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Camille Jacquemin
1899 - 1947
Camille Jacquemin was a Belgian priest, composer, musicographer and organist. Louis Vierne was one of his teachers.

From the age of twelve he played the organ in the church of Saint-Mard in Virton. In 1916, he entered the episcopal minor seminary of Namur (located in the abbey of Floreffe) and deepened his musical training with the organist Louis Lejeune, with René Barbier and Auguste Verrees (1884-1957). Ordained a priest in 1922, he was sent to Bertrix as a vicar. Three years later, his diocese authorised him to continue his musical training in Paris. At the Gregorian Institute and the Schola Cantorum, he studied with Louis Vierne (organ and improvisation), Guy de Lioncourt (counterpoint) and Vincent d'Indy (composition). During these years, he was also Henri Mulet's substitute at the Saint-Philippe-du-Roule organ.

Back in Belgium in 1929, he was appointed singing teacher and choirmaster at the seminary of Floreffe where he developed an intense cultural activity. Several artists he had known in Paris stayed at the Abbey: Charles Tournemire, Joseph Bonnet, Henri Ghéon and Henri Brochet. Among his most brilliant pupils during this period was Pierre Froidebise.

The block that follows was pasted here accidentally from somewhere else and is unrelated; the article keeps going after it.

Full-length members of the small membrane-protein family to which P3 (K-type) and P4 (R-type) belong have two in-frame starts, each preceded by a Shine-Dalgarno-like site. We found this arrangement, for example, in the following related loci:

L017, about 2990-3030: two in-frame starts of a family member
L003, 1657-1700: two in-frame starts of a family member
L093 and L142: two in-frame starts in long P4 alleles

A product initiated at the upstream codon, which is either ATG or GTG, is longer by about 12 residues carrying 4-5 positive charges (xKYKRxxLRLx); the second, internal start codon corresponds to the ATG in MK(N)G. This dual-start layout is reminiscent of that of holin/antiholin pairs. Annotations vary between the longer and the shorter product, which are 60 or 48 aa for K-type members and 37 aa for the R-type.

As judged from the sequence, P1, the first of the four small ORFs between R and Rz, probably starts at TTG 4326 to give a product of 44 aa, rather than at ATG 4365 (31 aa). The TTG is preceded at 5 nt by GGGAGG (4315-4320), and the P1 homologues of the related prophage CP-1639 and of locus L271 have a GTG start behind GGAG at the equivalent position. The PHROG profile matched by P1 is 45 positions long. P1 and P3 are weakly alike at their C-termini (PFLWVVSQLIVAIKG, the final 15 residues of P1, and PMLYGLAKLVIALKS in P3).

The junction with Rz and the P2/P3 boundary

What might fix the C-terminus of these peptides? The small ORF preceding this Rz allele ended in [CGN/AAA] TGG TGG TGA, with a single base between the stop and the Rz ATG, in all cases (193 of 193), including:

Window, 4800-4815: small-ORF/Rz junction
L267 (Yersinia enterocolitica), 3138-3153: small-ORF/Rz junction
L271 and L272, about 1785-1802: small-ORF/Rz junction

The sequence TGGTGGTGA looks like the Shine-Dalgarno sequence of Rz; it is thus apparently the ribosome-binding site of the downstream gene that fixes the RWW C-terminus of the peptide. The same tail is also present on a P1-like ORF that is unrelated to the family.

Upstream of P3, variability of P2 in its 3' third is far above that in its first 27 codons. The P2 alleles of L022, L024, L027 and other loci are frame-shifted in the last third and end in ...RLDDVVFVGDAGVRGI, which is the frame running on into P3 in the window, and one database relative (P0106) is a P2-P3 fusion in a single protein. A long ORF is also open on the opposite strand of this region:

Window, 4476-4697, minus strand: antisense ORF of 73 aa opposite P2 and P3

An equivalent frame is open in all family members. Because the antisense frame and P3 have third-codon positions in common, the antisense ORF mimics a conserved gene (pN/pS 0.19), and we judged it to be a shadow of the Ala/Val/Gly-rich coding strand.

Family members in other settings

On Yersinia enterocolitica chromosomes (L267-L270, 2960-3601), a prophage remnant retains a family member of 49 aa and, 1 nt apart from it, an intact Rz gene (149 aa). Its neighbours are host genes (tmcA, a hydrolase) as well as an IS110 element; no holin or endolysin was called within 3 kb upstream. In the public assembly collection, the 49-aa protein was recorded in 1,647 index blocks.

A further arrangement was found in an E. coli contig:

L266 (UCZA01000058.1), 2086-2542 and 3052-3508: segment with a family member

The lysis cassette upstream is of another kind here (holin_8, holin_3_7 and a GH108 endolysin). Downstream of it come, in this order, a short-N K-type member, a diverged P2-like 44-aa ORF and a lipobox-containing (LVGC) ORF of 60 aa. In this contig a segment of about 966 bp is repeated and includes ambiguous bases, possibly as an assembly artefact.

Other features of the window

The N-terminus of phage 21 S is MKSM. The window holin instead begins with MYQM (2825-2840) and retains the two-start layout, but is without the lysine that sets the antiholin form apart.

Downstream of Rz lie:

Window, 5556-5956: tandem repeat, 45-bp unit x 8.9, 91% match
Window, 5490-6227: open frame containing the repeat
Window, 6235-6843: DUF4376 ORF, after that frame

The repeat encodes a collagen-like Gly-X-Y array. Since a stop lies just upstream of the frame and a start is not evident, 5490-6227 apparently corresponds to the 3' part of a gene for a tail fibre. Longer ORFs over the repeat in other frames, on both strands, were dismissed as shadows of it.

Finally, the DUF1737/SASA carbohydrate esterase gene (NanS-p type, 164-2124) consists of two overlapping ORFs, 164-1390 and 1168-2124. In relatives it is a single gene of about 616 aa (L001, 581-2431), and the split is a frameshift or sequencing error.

"If Abbé Jacquemin's influence was so profound, it was because he made souls sing in harmony with his own and thus raised them in beauty to God" - Canon Kaisin

"Many of his disciples in the clergy, in the cloisters, and also in the world, acknowledge that they owe him much of the best that they have in them1" - Mgr André-Marie Charue, Bishop of Namur.

With the war, the artistic and cultural life in Floreffe slowed down. The exodus had a painful influence on his health. Appointed parish priest in the village of Mont-sur-Meuse in 1941, Jacquemin suffered from depression. At the end, his state of mind was one of luminous and pacifying hope. He died prematurely at the age of forty-seven.

Charles Tournemire dedicated the twelfth office of his Orgue Mystique (La Septuagésime) to him.